It’s great to know where Nakamoto probably lives, but it still brings us nowhere closer to his real identity. Are we even talking about a single person? Some people consider him to be a team of people. A lot of prominent coders think the Bitcoin code was too well designed for one person. Dan Kaminsky, a security researcher who read the code, said that Nakamoto could either be a “team of people” or a “pure genius”.
That said, many identities have been pinned on the Bitcoin developer over the years.
- A 2011 article in The New Yorker written by Joshua Davis suggested that Nakamoto’s identity was pinned down to a number of possible individuals. The most notable among them were Finnish economic sociologist Dr. Vili Lehdonvirta and Irish student Michael Clear. Both Lehdonvirta and Clear responded by strongly denying this.
- In October 2011, Adam Penenberg claimed he found evidence suggesting Neal King, Vladimir Oksman and Charles Bry could be Nakamoto. As an investigative journalist writing for Fast Company, he found they jointly filed a patent application that contained the phrase “computationally impractical to reverse”. This was also used in the Bitcoin white paper. To add even more proof, he showed that the domain name bitcoin.org was registered three days after the patent was filed. All of them denied being Nakamoto.
- In May 2013, Ted Nelson speculated that Shinichi Mochizuki was Satoshi Nakamoto. Mochizuki was a Japanese mathematician. These speculations were denied in an article in The Age Newspaper, without attributing a source for the denial.
- Also in 2013, Nakamoto was linked to Ross William Ulbricht, owner of the Silk Road. This link was published in a paper written by two Israeli mathematicians, Dorit Ron and Adi Shamir. They based this on an analysis of the Blockchain. They later retracted their claim.
- In April 2014, investigators from Aston University linked Nick Szabo to the Bitcoin whitepaper using a stylometric analysis. Szabo is a decentralized currency enthusiast and published a paper on “bitgold,” which is considered a precursor to bitcoin. The claim was not really taken serious when even the investigators claimed that it was a far-fetched theory: “The study does not point conclusively to Mr. Szabo. It’s just that, of all the people studied, he appears to be the most likely candidate. It’s just another clue.”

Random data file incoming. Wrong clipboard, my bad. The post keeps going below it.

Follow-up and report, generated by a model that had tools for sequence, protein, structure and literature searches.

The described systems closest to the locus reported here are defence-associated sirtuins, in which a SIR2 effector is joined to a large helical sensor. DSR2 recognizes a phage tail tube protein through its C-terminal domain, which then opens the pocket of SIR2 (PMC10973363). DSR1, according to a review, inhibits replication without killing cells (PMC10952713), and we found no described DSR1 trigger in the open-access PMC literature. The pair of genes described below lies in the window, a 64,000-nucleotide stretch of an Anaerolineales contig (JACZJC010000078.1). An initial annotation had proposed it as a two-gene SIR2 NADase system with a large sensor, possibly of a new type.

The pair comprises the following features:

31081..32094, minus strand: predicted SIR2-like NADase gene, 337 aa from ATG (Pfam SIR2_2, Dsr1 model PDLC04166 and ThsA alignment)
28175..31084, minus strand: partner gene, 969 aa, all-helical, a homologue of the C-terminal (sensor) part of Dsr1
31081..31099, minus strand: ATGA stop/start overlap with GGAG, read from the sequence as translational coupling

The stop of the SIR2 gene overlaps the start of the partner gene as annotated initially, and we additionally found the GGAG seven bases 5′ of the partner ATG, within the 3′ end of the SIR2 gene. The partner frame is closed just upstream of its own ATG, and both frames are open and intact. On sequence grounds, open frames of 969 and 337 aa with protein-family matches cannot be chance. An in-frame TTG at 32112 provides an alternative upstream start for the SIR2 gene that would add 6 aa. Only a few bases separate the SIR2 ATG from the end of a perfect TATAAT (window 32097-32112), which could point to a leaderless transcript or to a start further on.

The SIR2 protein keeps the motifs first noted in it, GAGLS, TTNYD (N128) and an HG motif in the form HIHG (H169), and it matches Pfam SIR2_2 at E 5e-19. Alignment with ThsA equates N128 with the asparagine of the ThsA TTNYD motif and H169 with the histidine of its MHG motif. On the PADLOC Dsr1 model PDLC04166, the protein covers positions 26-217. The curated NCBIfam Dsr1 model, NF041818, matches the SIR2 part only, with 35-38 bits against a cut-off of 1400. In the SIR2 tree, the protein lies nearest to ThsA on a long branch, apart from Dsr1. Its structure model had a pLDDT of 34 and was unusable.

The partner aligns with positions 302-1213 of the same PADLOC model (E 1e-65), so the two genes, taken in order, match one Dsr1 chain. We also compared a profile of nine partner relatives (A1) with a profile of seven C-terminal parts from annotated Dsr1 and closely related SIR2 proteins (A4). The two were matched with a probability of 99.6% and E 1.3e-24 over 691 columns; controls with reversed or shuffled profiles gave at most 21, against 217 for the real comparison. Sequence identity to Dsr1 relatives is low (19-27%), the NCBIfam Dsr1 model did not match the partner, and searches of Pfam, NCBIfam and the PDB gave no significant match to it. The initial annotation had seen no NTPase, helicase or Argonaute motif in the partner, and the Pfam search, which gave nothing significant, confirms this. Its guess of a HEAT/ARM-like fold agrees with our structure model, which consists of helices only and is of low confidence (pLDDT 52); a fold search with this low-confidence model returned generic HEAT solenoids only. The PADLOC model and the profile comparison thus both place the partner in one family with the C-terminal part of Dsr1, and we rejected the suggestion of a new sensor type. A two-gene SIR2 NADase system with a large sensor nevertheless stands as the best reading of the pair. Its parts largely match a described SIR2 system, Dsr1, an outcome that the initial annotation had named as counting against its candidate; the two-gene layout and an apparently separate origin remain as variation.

But the most well-known speculation to date came in March 2014. An article in the magazine Newsweek, written by journalist Leah McGrath Goodman, identifiedDorian Satoshi Nakamoto. As a Japanese American living in California, he fits the bill for Newsweek. Unfortunately, Dorian Nakamoto immediately responded by denyingeverything. “I did not create, invent or otherwise work on Bitcoin. I unconditionally deny the Newsweek report.” He even filed a lawsuit against Newsweek as he had journalists camping out in front of his house and chasing him by car whenever he left. The Bitcoin community, led by Andreas Antonopoulos started a fundraising campaignto support Dorian Nakamoto.
The Newsweek report led to a worldwide interest in Satoshi Nakamoto’s identity. Maybe the greatest thing about this was that it made the real Nakamoto break his long silence. At the p2pfoundation website, Satoshi Nakamoto replied to his latest thread with the following words: “I am not Dorian Nakamoto.”
So if there is one thing we can be sure of, it’s the fact that we have no clue whatsoever as to who Satoshi Nakamoto really is. Is he a genius who is singlehandedly responsible for developing a revolutionary protocol? Or is Satoshi Nakamoto a pseudonym for a team of people? Nakamoto is believed to be in possession of roughly one million bitcoins. His identity remains one of the web’s most questioned mysteries.